Q & A WITH FALDO AND AZINGER
Some 11 months before the 37th Ryder Cup tees off at Valhalla, captains Nick Faldo and Paul Azinger met the media. Here is the Q &A
With just on 11 months before the 37th Ryder Cup tees off at the Valhalla Golf Club in Louisville, Kentucky, the two Ryder Cup captains, Nick Faldo of Europe and Paul Azinger of the USA, met the media on Monday.
This, among other things, to give their views on the next Ryder Cup battle ground which has been quite extensively up-graded for the event.
Here is a transcript of what they had to say to Julius Mason, senior director of communications and media relations for the PGA of America, and reporters from various corners of the world who threw questions at them over the phone.
After short addresses by Roger Warren, the Honorary President of the PGA of America, and Richard Hills, the European Ryder Cup Director, Mason moved onto the two captains, beginning with Azinger.
The Transcript of their Q & A went like this:
MASON: And now the captains, ladies and gentlemen. First up, from Bradenton, Florida, the 2008 United States Ryder Cup Captain, ladies and gentlemen, Mr. Paul Azinger, for some opening thoughts. Paul?
AZINGER: Thank you, Julius, everybody. And thank you everyone. Richard, don’t count yourself out yet (he was referring to Richard Hills, who earlier had joked that he would not be getting one of Faldo’s wildcards). The way Nick’s assistants are dropping like flies, you may be in there as a Captain’s Assistant. (Laughter).
FALDO: I’m ready for you. That’s what we used to do on ABC.
AZINGER: The stuff we did off the air, actually, was fantastic. Wish you could have experienced some of that.
AZINGER: Pretty much. I’m glad to be here. It’s just an honor to be named the captain of the American Ryder Cup Team. I didn’t realize that there’s only been 25 men who have ever been asked to be captain, and it’s just such a great honor and privilege to be here.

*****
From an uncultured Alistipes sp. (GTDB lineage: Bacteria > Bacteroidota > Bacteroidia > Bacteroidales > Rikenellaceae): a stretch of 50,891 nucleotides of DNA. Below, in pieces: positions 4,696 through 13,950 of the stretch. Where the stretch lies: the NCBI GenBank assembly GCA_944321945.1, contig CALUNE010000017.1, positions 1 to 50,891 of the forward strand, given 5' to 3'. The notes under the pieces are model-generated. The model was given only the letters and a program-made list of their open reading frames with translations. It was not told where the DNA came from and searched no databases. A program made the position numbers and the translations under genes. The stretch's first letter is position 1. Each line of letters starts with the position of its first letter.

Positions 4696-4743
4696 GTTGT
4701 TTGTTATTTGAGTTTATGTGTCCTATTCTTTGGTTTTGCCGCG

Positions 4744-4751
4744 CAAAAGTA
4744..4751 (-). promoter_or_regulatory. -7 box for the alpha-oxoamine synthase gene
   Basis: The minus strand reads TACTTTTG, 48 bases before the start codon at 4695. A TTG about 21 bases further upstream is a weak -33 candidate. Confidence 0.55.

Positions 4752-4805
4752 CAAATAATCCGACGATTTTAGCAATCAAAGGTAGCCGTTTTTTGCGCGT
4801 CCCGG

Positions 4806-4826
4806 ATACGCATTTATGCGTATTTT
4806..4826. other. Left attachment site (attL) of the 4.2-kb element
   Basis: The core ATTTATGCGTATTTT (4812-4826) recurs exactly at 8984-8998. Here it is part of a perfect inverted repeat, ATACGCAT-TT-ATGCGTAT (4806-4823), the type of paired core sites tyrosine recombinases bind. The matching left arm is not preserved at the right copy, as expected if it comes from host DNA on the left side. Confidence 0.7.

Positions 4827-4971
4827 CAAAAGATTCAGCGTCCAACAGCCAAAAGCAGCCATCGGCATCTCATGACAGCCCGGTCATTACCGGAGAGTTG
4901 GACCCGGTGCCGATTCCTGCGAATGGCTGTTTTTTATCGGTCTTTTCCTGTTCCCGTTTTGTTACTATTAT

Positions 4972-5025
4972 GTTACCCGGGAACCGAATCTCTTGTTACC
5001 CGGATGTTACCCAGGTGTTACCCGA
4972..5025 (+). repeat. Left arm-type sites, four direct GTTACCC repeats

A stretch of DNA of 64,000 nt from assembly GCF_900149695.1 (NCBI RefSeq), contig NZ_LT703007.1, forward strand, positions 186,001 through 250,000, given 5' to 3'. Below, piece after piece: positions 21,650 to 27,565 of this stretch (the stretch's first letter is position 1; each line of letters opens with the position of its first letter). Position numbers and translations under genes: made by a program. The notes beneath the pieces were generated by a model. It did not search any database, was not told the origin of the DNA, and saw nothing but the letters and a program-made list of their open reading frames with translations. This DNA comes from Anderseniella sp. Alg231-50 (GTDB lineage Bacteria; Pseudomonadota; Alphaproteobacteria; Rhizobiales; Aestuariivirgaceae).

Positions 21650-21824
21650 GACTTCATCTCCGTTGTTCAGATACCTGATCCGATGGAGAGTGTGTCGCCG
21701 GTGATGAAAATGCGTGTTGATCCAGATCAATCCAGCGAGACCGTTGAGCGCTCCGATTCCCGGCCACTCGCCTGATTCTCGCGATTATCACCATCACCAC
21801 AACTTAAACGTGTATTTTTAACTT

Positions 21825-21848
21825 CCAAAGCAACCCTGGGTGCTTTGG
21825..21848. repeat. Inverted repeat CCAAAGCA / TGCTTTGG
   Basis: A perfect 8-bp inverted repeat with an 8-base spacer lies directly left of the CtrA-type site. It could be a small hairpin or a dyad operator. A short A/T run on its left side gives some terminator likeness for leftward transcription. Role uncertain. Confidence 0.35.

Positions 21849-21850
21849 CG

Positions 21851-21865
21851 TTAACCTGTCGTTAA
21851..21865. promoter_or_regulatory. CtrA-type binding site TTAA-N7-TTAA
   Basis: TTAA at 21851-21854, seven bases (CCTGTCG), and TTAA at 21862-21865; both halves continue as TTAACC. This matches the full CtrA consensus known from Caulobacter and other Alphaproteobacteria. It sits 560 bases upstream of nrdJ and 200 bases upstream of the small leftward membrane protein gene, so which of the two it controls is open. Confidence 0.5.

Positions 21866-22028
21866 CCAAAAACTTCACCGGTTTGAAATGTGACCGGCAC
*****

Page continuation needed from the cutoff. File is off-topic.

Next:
And I’m glad to be here, Mr. Mayor, it’s a fantastic town (Louisville). Really impressed with the big building scape that we saw on the way out this morning. So just looking forward to a great week a year from now, and hopefully we’ll be competitive and, you know, do what’s best for the game of golf and get the Ryder Cup back.
MASON: Thank you, Paul. And now, ladies and gentlemen, from London, England and several television stations in between, the 2008 European Ryder Cup Captain, Mr. Nick Faldo for some thoughts.
FALDO: Thank you. Well, the Ryder Cup has been a major part of my career: 30 years ago this year I played my first Ryder Cup at Lytham St. Annes, and then 20 years ago I was part of that winning team at Muirfield Village, first time we won in America. And then ten years ago, again, part of that winning team with Seve captain at Valderrama. So you can see, now we’ve moved on, so extremely honored to be European captain here for 2008, although it’s 30 years now. It’s been a major, major, as I said part of my career, great experience. Obviously looking forward to the event tremendously and I’m delighted that Paul has picked Ray Floyd and Dave Stockton to get more experience than my 11 Ryder Cups. (Laughter). So, we’re going to have a great time. The most important thing, of course, I’m building my team, I want to come here and win. There will be a winning team; there will be a losing team. But for me, the experience of it is always very important and I think Paul shares that; that we want to make it a memorable and a great experience for all of the guys here, the 24 guys that come here and compete. So we’re on count down now and I’m looking forward to it.